Author: Patricia C. O'Prey and Gilda R. Turitz
Summary:To keep legal costs under control in commercial disputes, corporations frequently rely upon binding arbitration as a reputedly faster and less expensive alternative to traditional litigation. Typically, two major factors impacting those potential cost savings are restrictions on pre-hearing discovery in arbitration and restrictions on challenges to arbitration awards in post-hearing proceedings. When enforced, these restrictions offer a significantly streamlined process, finality and a shorter time to ultimate resolution than may exist in the litigation process. Another desirable aspect of arbitration is the parties’ ability to select arbitrators with subject matter expertise relevant to the dispute, which is a quality that the decisionmakers in litigation—jury and/or judge—may not offer.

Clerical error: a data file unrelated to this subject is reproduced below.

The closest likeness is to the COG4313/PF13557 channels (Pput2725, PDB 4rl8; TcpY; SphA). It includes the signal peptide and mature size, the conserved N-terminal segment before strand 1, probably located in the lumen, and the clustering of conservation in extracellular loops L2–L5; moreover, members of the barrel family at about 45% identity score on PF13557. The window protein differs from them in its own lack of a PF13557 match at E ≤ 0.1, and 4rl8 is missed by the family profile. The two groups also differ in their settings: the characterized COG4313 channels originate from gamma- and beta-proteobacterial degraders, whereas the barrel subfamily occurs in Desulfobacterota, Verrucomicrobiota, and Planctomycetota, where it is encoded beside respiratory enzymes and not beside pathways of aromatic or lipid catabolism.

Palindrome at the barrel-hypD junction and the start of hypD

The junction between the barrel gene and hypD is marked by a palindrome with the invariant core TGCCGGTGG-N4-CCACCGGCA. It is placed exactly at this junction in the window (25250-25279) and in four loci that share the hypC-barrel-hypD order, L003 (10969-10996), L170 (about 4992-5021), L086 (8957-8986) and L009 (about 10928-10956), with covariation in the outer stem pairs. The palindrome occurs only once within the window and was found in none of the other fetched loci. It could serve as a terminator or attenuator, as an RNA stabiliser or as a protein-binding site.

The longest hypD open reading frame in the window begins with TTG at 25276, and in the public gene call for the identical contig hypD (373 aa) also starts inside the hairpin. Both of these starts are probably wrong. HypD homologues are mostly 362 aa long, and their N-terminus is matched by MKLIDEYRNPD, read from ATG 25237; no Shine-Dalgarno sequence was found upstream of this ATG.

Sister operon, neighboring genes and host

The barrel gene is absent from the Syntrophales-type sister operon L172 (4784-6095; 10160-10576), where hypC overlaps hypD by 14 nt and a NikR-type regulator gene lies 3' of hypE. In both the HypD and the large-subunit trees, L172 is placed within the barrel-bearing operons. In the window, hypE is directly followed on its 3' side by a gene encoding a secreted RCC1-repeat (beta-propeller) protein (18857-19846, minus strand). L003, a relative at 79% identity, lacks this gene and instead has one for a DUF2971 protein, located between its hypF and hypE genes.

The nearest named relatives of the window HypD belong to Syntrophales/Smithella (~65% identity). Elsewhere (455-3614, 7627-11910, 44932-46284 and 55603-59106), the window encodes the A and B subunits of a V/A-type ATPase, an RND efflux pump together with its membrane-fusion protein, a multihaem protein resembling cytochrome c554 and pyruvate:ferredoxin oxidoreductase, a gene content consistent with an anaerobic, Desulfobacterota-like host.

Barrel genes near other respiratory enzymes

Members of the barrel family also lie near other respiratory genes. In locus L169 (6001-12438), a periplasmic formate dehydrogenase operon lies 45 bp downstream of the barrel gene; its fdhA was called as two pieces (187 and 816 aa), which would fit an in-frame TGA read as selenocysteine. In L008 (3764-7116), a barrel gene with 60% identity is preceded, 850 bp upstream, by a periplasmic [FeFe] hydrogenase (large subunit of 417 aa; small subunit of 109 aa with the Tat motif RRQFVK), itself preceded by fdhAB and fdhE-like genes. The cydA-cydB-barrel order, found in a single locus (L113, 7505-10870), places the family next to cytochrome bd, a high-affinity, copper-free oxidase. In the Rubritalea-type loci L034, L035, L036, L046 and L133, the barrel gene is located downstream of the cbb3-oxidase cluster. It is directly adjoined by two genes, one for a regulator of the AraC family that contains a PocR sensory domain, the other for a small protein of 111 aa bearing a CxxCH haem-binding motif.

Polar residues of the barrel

About NAMWOLF: The National Association of Minority & Women Owned Law Firms (NAMWOLF), founded in 2001, is a nonprofit trade association comprised of minority and women-owned law firms and other interested parties throughout the United States. Many corporations and public entities interested in diversifying their outside law firm ranks have focused almost exclusively on the utilization of minority and female attorneys at majority firms. Yet the available data strongly suggests that these efforts have not resulted in greater diversity in the legal profession. It is NAMWOLF’s view that the most effective way for corporations to increase diversity in the legal profession is to increase their retention of minority and women-owned law firms.
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